Women Writing about Money: Womens Fiction in England, 1790-1820 by Edward CopelandWomen Writing about Money: Womens Fiction in England, 1790-1820 by Edward Copeland

Women Writing about Money: Womens Fiction in England, 1790-1820

byEdward CopelandEditorJames Chandler

Paperback | December 2, 2004

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This study addresses a paradox in the lives of women in Jane Austen's time who had no legal access to money yet were held responsible for domestic expenditure. The book translates the fictional money of the novels of Jane Austen's day into the power of contemporary spendable incomes, and from the perspective of what the British pound could buy at the market, the economic lives of women in the novels emerge as part of a general picture of women's economic disability. Through the work of writers such as Austen and Edgeworth, as well as those of magazine fiction, the author examines the professional lives of women authors, their publishers, their profits, and the demands of their reading public. By linking authorship to the economic lives of contemporary women, Women Writing About Money links the fantasy worlds of women's fiction with the social and economic realities of both readers and writers.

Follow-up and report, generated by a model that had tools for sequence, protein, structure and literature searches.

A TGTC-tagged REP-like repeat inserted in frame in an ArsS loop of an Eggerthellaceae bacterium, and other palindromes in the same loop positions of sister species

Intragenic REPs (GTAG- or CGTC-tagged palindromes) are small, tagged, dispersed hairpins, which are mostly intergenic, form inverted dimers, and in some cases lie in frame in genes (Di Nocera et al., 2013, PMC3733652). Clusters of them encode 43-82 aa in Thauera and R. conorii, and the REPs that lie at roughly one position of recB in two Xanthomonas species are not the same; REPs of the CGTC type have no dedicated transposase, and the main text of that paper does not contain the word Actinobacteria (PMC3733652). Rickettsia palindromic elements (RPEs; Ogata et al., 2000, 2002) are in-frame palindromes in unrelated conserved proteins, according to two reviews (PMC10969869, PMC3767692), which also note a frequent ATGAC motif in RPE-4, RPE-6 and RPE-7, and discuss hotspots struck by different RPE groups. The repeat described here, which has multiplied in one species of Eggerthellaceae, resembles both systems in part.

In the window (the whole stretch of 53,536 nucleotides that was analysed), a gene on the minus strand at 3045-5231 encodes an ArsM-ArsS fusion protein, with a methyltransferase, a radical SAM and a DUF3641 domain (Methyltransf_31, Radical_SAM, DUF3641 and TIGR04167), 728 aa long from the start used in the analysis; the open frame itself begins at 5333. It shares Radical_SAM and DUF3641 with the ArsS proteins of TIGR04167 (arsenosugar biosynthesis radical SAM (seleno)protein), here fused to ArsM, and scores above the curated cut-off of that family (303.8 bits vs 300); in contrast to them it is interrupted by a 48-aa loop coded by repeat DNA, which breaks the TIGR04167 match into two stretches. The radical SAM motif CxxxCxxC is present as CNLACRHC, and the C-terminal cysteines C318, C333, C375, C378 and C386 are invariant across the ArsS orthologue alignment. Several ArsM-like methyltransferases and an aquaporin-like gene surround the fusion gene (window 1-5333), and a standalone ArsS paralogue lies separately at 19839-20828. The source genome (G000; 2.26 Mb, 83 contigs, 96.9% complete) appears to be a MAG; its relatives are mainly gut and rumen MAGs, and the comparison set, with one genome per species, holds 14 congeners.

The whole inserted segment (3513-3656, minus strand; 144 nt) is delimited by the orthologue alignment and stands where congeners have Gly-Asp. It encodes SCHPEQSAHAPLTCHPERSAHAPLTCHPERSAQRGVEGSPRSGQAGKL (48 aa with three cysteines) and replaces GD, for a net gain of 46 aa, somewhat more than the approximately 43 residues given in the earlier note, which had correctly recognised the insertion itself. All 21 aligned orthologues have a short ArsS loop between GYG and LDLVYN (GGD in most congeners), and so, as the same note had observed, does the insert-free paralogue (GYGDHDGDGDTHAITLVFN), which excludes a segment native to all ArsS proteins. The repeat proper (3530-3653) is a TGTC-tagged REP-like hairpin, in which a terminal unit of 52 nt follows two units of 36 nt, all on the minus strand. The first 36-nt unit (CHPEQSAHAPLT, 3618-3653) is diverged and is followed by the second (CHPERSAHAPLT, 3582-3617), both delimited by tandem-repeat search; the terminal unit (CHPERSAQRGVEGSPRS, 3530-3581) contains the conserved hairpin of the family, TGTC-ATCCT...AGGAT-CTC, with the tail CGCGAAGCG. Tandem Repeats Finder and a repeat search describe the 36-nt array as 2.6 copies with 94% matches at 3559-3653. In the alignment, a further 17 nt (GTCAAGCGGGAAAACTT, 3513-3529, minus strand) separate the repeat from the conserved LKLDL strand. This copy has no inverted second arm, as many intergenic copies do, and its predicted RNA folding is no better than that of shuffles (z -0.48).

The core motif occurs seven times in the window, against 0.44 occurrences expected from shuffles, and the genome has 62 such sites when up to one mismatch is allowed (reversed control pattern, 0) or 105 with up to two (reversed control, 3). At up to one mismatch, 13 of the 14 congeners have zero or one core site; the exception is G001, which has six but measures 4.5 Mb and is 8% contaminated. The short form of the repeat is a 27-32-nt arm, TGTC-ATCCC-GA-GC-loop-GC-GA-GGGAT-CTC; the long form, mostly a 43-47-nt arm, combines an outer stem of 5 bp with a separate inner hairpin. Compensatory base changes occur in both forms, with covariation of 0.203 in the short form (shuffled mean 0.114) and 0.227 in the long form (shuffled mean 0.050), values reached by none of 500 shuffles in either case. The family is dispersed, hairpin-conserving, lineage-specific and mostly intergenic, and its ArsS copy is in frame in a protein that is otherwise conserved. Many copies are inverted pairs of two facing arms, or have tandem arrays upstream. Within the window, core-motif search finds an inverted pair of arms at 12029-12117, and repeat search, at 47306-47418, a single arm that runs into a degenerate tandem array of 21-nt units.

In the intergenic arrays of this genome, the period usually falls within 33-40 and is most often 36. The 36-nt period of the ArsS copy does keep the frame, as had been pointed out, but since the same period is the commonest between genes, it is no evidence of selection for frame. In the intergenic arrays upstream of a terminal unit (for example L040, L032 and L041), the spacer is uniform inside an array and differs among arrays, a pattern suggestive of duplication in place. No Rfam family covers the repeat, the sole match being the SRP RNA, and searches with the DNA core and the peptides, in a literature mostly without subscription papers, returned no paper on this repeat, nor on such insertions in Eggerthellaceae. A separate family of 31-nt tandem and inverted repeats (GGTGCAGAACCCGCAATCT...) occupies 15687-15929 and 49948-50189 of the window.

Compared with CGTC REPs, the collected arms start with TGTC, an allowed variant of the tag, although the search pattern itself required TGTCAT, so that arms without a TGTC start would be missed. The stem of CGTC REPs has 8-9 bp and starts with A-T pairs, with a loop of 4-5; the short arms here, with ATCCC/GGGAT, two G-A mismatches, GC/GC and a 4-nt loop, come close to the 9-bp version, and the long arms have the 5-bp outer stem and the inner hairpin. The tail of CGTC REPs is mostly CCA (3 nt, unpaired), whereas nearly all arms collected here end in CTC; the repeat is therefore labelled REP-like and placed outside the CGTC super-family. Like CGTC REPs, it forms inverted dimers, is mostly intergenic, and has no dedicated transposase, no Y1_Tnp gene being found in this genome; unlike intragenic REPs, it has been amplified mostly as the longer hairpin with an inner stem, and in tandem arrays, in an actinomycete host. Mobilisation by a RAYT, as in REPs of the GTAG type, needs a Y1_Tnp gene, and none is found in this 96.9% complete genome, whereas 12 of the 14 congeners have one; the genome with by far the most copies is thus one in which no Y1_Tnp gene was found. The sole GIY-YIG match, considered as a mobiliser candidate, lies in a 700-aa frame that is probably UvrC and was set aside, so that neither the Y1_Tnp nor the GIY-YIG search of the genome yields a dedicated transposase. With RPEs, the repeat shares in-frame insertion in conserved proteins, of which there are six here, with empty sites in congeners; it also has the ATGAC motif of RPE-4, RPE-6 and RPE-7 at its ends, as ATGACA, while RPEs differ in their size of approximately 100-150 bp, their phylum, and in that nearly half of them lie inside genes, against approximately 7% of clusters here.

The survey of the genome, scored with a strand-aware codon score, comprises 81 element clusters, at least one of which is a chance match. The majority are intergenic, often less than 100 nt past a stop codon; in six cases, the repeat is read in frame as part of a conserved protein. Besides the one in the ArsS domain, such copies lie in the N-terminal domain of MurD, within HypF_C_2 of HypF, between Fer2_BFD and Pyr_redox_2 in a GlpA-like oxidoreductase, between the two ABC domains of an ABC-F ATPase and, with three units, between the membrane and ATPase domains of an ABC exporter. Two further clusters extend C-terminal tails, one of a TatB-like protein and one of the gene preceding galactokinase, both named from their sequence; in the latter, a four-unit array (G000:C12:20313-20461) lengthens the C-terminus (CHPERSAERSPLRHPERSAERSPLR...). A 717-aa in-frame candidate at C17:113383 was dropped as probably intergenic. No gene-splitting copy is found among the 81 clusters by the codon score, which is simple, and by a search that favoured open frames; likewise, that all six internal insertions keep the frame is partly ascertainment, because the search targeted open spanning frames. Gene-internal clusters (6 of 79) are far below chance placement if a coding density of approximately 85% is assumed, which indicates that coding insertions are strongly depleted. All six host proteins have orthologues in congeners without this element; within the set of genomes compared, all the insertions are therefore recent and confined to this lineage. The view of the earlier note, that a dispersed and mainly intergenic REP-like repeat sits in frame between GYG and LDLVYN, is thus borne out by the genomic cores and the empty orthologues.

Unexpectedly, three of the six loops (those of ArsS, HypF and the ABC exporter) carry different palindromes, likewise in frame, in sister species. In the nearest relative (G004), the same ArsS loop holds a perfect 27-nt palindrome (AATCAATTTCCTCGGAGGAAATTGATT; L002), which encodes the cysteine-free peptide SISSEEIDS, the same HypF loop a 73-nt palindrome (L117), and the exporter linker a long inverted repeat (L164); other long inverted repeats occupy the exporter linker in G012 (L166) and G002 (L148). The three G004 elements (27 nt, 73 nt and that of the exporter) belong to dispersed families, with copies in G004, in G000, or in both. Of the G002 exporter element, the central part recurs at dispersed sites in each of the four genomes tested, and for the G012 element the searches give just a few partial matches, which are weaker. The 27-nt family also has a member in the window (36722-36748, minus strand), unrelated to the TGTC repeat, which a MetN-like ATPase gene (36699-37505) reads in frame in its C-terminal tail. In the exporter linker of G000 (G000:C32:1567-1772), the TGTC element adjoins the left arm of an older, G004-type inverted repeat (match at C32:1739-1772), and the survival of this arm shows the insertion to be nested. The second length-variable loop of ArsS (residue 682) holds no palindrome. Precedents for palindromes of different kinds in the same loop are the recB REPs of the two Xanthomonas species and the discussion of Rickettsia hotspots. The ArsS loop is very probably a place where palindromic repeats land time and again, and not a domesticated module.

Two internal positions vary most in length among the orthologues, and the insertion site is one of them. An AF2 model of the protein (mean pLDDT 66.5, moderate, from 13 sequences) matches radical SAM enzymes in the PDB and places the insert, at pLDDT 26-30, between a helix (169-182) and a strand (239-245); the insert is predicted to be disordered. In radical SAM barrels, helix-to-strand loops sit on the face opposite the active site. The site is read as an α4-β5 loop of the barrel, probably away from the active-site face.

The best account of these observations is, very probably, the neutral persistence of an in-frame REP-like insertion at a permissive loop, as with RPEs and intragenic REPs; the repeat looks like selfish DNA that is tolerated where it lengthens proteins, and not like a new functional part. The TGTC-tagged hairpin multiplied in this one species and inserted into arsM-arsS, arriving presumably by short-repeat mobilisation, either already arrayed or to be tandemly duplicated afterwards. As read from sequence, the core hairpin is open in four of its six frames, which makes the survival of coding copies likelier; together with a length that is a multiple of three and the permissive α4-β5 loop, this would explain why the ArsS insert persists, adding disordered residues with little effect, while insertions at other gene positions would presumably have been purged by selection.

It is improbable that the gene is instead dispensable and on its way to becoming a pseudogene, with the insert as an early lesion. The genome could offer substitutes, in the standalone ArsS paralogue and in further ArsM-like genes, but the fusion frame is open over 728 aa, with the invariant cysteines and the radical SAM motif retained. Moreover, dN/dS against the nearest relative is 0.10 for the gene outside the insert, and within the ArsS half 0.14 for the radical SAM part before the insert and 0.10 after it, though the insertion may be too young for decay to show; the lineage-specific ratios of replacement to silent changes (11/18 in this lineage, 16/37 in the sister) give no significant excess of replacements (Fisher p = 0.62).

Title:Women Writing about Money: Womens Fiction in England, 1790-1820Format:PaperbackDimensions:312 pages, 8.98 × 5.98 × 0.71 inPublished:December 2, 2004Publisher:Cambridge University PressLanguage:English

The following ISBNs are associated with this title:

ISBN - 10:0521616166

ISBN - 13:9780521616164

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Table of Contents

Introduction; 1. The general calamity: the want of money; 2. Gothic economics: the 1790s; 3. The gifts of heaven: consumer power, 1800-1820; 4. Shopping for signs: Jane Austen and the pseudo-gentry; 5. Picturing the heroine; The Lady's Magazine 1770-1820. 6. Fictions of employment: female accomplishments; 7. Writing for money: authors and heroines; Notes; Bibliography; Index.

Editorial Reviews

'Copeland ... has undertaken the type of assiduous research that makes Women Writing About Money a fascinating history of the relations between economic details and gender in the period.' Amanda Gilroy, Romanticism